Medvedev Says Russia Will Retaliate to EU Sanctions | Europe| News and current affairs from around the continent | DW | 31.08.2008
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Medvedev Says Russia Will Retaliate to EU Sanctions

A day before EU leaders meet to discuss the situation in Georgia, Russian President Medvedev said Russia would respond in kind to European sanctions. Germany said Moscow's support is crucial to European stability.

Medvedev standing in front of a Russian flag

Medvedev promised economic, social, humanitarian and military aid to South Ossetia and Abkhazia

Russian President Dmitry Medvedev told Russia's three main television channels that he considered sanctions to be a final step and added that such measures need to be encoded in law saying, "If needed, we also can adopt such special laws."

He also said Russia would provide military aid to South Ossetia and Abkhazia, the two Georgian breakaway regions the Kremlin has recognized as independent states.

"We of course will help them," Medvedev said, adding that international agreements were being drawn up. "In these international agreements all our obligations for providing support will be set out: economic, social, humanitarian, military."

The president spoke on the eve of a European Union summit that is to decide on a response to Russia's military surge in Georgia this month and decision to recognize two Georgian separatist regions as independent states.

Internal differences split EU

Frank-Walter Steinmeier

Steinmeier criticized both Russia and Georgia on Sunday

The EU will to show a united front on Russia despite internal differences over whether Moscow should face consequences for its actions in Georgia.

EU leaders are set to issue a tough verbal condemnation of Moscow over the conflict in breakaway South Ossetia but France, Germany and others have blocked calls from eastern European states for a tougher stance, including possible punitive action.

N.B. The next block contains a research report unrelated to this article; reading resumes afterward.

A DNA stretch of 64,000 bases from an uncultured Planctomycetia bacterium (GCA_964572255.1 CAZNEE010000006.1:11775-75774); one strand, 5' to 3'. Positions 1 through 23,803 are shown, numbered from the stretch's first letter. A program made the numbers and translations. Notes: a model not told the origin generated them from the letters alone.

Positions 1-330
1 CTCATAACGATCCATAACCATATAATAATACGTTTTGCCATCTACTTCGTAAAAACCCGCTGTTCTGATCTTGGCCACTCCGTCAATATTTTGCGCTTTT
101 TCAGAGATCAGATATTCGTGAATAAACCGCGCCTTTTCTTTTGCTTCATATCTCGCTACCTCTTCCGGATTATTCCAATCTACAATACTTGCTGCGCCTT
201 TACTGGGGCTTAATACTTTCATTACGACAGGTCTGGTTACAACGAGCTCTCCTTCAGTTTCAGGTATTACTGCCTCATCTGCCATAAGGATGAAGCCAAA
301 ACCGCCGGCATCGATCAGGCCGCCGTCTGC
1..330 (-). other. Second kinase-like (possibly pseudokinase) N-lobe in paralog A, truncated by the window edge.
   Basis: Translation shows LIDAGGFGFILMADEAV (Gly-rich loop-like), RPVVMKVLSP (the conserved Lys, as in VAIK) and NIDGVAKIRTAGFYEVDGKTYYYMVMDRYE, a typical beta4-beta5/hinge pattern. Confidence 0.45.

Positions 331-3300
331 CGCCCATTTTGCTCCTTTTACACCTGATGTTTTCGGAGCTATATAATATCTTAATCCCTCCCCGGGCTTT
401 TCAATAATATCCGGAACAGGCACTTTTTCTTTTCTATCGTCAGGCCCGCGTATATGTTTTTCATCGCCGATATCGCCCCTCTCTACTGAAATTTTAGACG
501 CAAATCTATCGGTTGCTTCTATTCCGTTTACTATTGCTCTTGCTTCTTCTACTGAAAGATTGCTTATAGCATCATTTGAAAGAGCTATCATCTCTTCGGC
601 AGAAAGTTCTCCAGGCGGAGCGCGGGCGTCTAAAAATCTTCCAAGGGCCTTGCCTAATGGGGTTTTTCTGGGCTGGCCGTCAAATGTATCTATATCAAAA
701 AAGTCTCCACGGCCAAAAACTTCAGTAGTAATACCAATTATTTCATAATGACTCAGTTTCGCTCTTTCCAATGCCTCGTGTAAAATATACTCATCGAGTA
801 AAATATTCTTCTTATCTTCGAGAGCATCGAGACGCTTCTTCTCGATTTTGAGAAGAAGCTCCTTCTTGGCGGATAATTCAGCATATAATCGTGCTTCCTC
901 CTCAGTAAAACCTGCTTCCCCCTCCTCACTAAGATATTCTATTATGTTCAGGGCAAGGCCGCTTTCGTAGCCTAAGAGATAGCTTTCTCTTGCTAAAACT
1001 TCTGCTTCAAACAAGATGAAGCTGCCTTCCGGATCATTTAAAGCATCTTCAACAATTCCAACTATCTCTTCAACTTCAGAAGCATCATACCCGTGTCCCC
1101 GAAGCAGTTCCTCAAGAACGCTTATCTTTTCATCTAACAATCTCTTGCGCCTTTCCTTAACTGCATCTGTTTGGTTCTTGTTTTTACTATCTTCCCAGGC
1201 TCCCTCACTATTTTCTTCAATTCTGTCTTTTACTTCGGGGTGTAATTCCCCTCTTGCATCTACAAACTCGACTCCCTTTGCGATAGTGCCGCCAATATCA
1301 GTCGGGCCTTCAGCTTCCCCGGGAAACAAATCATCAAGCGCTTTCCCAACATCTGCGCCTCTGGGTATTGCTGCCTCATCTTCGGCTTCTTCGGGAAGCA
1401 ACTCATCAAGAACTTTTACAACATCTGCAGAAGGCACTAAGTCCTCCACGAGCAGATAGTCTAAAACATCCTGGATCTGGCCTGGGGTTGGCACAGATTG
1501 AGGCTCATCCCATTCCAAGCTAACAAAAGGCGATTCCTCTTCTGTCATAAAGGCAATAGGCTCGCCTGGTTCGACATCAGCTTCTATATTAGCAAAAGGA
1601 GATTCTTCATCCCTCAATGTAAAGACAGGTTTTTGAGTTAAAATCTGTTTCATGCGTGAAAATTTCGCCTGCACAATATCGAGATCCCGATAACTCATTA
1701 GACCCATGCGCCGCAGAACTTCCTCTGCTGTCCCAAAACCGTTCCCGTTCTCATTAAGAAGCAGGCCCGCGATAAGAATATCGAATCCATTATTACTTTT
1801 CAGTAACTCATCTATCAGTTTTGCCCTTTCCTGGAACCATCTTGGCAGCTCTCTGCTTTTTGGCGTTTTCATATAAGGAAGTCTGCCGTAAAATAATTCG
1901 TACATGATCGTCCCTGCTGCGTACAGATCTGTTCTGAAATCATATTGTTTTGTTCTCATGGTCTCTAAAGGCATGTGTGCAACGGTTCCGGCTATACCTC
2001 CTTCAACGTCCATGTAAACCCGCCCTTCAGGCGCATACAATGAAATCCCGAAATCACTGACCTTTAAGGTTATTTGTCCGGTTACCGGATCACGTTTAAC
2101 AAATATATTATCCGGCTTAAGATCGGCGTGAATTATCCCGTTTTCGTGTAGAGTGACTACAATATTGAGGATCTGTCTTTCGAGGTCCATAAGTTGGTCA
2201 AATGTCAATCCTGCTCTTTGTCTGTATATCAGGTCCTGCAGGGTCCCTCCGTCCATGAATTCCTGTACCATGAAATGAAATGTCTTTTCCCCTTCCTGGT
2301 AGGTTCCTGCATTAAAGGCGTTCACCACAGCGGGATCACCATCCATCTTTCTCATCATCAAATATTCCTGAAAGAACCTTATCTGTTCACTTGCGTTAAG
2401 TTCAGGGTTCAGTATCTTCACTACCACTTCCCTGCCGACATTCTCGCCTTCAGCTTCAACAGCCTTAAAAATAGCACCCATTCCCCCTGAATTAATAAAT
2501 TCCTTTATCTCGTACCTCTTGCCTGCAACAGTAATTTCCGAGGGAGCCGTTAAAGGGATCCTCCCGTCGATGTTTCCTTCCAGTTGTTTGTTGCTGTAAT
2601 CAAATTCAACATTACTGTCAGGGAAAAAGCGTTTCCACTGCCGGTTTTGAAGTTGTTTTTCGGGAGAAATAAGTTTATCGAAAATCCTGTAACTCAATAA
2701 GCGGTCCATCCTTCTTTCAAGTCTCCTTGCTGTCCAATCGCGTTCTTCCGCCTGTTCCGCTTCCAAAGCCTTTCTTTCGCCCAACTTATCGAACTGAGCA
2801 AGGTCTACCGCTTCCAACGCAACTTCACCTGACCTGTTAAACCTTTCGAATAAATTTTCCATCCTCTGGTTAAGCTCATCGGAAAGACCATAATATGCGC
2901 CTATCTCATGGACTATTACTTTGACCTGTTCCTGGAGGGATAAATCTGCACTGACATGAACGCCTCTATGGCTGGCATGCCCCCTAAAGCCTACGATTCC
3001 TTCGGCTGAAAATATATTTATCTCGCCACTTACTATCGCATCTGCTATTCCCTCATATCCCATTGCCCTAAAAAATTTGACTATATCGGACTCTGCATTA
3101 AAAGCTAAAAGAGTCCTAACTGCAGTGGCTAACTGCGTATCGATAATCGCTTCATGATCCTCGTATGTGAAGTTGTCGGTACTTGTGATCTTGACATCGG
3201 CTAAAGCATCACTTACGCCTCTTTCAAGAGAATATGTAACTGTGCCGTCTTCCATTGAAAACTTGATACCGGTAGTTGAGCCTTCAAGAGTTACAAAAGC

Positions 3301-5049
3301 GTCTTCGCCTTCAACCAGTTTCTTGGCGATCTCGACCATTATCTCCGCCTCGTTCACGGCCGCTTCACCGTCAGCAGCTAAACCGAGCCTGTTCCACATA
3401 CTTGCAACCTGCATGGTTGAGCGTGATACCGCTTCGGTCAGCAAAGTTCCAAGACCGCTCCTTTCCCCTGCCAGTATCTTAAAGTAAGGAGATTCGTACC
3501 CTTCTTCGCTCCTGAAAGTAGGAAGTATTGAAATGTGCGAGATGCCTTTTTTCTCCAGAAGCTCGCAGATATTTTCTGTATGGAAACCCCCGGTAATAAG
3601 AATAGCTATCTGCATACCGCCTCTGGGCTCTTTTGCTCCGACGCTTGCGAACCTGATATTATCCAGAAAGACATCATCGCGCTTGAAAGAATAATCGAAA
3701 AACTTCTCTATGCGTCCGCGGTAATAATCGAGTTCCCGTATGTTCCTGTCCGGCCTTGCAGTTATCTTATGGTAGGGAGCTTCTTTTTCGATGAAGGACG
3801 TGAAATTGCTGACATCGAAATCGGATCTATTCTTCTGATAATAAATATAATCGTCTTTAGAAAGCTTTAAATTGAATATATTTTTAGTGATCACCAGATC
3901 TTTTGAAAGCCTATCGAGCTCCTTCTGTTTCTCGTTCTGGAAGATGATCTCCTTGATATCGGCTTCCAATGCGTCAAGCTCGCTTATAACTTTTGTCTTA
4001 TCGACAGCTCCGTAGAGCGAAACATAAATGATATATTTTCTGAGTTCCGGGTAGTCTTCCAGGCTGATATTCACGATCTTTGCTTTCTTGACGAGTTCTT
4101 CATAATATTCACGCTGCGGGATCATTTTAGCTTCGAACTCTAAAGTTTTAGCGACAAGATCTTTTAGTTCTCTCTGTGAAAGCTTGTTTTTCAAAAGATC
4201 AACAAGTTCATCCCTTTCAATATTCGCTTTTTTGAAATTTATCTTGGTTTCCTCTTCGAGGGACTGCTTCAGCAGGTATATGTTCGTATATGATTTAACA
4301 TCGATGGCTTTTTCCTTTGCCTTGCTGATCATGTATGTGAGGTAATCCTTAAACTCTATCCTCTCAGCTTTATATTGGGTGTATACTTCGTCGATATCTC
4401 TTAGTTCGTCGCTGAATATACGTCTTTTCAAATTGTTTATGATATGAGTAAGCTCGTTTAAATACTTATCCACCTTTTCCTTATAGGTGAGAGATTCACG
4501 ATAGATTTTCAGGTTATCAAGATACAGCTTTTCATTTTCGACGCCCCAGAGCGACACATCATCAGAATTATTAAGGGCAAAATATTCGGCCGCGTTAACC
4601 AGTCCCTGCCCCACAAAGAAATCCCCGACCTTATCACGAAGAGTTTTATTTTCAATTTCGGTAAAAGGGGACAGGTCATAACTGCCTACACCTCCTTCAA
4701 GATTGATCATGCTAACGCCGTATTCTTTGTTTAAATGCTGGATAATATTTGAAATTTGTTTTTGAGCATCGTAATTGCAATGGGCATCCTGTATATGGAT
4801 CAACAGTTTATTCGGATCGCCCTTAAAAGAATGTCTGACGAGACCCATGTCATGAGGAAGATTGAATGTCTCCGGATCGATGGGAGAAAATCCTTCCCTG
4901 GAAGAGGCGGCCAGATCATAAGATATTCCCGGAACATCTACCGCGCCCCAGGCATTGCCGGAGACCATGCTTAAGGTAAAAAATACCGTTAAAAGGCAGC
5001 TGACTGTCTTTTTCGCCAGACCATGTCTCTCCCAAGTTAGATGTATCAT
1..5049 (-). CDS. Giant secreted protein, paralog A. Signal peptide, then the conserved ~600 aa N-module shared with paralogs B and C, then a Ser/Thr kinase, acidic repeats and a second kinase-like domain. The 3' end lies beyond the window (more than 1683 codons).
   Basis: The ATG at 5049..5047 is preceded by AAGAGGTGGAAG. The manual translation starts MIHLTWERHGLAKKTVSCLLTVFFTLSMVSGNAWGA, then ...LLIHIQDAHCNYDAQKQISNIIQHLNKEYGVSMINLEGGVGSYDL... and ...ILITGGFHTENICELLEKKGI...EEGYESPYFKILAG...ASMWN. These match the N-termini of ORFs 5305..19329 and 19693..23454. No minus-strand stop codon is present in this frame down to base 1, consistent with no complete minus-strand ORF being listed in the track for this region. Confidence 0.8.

German Foreign Minister Frank-Walter Steinmeier said on Sunday the EU should not isolate Russia.

"The government in Moscow deserves criticism for its behavior but that doesn't change the fact that security and stability in Europe can only be achieved with and not against Russia," Steinmeier said in a speech. "Thus Europe would only be hurting itself if we were to get full of emotion and slam all the doors shut to the rooms that we will want to enter afterwards," he said.

Russian President Dmitry Medvedev said Russia did not want to be isolated and would try to develop ties with the United States, European Union and other states.

But British Prime Minister Gordon Brown, who supported former Soviet satellite states, said Sunday he would seek a complete review of the European Union's ties to Russia after Moscow's intervention in Georgia.

Georgia: Keep war from happening again

Russian soldiers in armored vehicles, are seen on the outskirts of Gori

Georgia said a strong EU response to prevent future violence was necessary

Georgian Foreign Minister Ekaterine Tkeshelashvili said EU sanctions were not "pivotal" but said the bloc should take steps that would keep Russia from "undertaking actions of similar nature in other states."

"We trust the wisdom and the courage of the European Union to undertake the best available steps for that," she told reporters in Istanbul.

The bloc is expected to pledge reconstruction and other aid to Georgia, deeper ties including a free trade accord and easier visa regulations for its citizens. It will also signal that it is ready to launch a civilian monitoring mission on the ground.

Swedish Foreign Minister Carl Bildt urged the EU to speed up plans for an "Eastern Partnership" with former Soviet republics.

"I hope the initiative for an Eastern Partnership will gain new momentum now after the tragic events of recent weeks," Bildt told the daily Frankfurter Allgemeine Zeitung of a plan launched this year to cooperate more with Ukraine, Moldova, Georgia, Armenia, Azerbaijan and, subject to reforms, Belarus.

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